The museum has also devoted a room to some of Fassett's work in other media, like paintings and drawings. "Having the additional art works shows the breadth and depth of his artistry during a career spanning over fifty years," Bavor says.
The quilt makers of old joined together to pass the time, while creating functional objects that were aesthetically pleasing. Fassett has taken that collaborative spirit and, with his spectacular color and design sense, created objects of art that are a joy to behold.
Quilts and textures, ranging from traditional to cutting-edge have been a part of the American fabric since colonial days, and the quilt remains synonymous with the pioneer women who crafted beautiful works out of necessity and as one of their few luxuries of time for creative expression.
Join Correspondent, Tom Wilmer, for a conversation with Nancy Bavore, the Curator of Collections and Exhibitions, Amanda Rawson, Manager of Museum Advancement, and Joan Phillips. Executive Director.
In honor of the quilt and related fabrics and textures, the San Jose Museum of Quilts & Textiles celebrates its 39th year as America’s first museum to focus specifically on quilts and textiles as an art form. Today there are sister quilt art centers around the country, including the University of Nebraska Lincoln’sInternational Quilt Study Center and Museum, but the San Jose museum remains as a premier American venue. The San Jose, California Quilt Museum showcases incredibly engaging works of art that appeal to Millennials and grandparents alike. This is a not to be missed destination in downtown San Jose to discover the preservation, promotion, and evolution of fiber art, and the distinctive world of quilters.
Written by Gary Singh
San Jose Metro, July 2015
SIXTY YEARS AGO, artist Robert Rauschenberg blurred the line between visual art and the common comforter. In a piece, aptly titled Bed, he took a quilt and a bedsheet, stuck it on a frame and painted on it. Once attached to a wall in a gallery, the work became one of his most heralded projects.
Right now, in a new show at the San Jose Museum of Quilts and Textiles, “Found/Made,” one can see
Joe Cunningham’s response. Bed, after Rauschenberg (2013), is a quilt made from appropriated canvas paintings, all machine-pieced, appliqued and quilted together. Standing back from the work, one wouldn’t even know the material is canvas.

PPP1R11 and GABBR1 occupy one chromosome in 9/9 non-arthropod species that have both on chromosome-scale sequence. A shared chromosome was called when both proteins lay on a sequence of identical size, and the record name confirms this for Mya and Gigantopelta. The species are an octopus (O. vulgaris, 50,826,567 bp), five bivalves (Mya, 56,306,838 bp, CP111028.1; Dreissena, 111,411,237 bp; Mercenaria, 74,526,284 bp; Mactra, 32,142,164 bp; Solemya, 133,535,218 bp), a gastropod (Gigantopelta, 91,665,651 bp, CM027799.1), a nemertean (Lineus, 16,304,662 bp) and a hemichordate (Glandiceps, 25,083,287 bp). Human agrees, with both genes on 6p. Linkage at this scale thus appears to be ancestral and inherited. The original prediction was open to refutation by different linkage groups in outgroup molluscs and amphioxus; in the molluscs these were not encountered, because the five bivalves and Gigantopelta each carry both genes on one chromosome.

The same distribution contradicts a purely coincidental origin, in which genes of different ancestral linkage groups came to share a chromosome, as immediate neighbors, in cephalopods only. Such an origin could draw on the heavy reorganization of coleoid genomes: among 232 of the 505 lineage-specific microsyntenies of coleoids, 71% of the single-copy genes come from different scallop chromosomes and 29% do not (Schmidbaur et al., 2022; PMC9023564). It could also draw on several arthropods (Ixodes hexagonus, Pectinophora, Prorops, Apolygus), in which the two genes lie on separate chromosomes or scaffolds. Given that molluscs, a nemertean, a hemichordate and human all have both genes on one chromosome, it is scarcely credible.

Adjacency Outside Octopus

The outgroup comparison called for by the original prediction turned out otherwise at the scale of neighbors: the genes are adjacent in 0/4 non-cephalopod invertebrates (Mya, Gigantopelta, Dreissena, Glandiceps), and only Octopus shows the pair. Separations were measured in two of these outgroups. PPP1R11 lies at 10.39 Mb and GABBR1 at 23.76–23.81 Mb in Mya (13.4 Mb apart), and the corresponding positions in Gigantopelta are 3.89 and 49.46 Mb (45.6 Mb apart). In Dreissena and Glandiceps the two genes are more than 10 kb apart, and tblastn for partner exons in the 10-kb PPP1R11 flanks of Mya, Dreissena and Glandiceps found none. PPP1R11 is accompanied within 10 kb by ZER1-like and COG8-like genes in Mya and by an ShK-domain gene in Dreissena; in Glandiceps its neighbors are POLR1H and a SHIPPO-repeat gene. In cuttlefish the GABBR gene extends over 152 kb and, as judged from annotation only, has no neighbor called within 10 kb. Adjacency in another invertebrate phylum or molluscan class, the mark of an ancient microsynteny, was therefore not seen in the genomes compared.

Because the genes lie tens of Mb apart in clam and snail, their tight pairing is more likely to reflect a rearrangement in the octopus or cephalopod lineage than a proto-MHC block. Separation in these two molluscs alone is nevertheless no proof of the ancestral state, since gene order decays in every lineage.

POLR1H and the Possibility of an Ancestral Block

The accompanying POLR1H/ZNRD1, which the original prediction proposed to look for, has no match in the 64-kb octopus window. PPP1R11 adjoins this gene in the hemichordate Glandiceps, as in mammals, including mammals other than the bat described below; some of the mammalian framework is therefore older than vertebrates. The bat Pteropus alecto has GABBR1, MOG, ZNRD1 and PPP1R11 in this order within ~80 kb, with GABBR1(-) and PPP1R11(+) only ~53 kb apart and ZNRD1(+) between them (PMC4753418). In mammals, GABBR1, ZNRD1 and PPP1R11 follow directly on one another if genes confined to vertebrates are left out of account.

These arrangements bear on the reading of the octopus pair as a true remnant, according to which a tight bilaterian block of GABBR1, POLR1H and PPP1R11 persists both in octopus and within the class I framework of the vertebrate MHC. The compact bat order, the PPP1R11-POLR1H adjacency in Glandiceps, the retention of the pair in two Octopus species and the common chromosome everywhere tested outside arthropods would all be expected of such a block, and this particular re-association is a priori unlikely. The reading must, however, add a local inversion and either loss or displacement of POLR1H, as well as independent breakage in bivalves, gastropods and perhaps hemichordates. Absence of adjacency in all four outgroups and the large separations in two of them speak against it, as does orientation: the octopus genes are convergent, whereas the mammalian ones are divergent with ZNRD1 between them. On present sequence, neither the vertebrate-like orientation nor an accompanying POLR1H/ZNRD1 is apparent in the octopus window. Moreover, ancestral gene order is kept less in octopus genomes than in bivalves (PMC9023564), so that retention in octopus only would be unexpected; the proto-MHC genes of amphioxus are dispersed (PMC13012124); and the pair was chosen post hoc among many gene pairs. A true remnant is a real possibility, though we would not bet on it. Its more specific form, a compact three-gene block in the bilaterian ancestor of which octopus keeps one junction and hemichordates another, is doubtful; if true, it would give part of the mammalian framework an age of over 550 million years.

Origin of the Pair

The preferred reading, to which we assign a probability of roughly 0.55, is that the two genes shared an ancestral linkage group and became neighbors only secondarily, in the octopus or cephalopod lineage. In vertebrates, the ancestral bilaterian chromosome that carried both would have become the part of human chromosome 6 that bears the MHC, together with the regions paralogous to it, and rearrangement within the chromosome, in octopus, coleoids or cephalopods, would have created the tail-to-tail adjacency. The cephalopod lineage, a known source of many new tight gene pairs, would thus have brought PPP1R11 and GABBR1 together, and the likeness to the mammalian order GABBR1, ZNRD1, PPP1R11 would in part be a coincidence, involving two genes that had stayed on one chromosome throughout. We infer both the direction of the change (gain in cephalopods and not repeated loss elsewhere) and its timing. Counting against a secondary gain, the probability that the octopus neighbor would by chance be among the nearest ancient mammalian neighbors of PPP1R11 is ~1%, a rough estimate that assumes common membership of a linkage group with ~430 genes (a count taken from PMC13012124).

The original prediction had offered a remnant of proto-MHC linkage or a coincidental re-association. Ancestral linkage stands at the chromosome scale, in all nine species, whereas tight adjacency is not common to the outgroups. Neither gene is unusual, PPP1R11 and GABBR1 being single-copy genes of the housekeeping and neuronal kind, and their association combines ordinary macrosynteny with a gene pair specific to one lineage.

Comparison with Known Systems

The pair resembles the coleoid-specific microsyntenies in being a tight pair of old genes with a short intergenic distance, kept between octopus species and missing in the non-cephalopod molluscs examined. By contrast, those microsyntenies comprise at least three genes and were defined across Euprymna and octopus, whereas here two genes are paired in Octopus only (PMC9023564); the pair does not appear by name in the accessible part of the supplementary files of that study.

“Found/Made” features works that either push the boundaries of traditional quiltmaking or question the medium altogether. Incorporating scraps of old Levi’s, oil paint, leather and torn up rock shirts, these textiles will surely change the way some people think about quilts.
The show includes works by local quilt artist Therese May. One in particular, Therese (1970), could call itself a retro, split-selfie. Created from recycled thrift-store fabrics and other materials, the quilt’s fragmented presentation conjures the 1970s split-personality film, Sybil. May shows the viewer a cadaver-esqe cross-section glimpse of her face—reminiscent of the Body Human documentary series from the same era. Call it a suburban San Jose thrift store, retro B-film, exposé of the divided self.
For those who keep used laundry all over the bed, [The American Context #2] Bed Clothes (2010), by Luke Haynes will certainly inspire. Composed of old shirts, pants and shorts quilted together into a bedspread of sorts, the quilt hugs the bottom corner of the wall, up and down, as if covering a dingy old futon.
And then there’s the work of Ben Venom. Who’d imagine quilts with Harley Davidson imagery, skeletons, or recycled Shepard Fairey “Obey” shirts? About a third of the show seems dedicated to such influence. Venom’s War Bird West, for example, is an eagle’s head made from heavy metal t-shirts on a black background. Viewers will immediately feel inclined to examine the work up close and see if they can identify any of the bands. “Hail Satan” appears prominently.
Just as the many scraps of assorted cloth come together to form a quilt, so too do the multitude of quilts on display in “Found/Made” comprise a larger narrative: The collage method of acquiring found objects that so often emerges in painting, sculpture and installation should not discount quilting. The works in the show more than prove that.
Transformations are usually made silently, but are witnessed by the fruits they bare. Four years ago The Elmwood Correctional Complex began a trans- formation of its own. Sponsored by the Correctional Institutions Chaplaincy (CIC) in Milptas, California, The Art and Spirit program, is designed to provide inmates with an opportunity “to connect with the Spirit through the creative arts.”
BACKTO BASICS SAN JOSE MUSEUM OF QUILTS AND TEXTILES
Written by Antoinette Siu
Photography by Daniel Garcia
LOCAL CURATOR, TEACHER, AND QUILTER, NANCY BAVOR CHALLENGES OUR VIEW OF QUILTS AS CONTEMPORARY ART.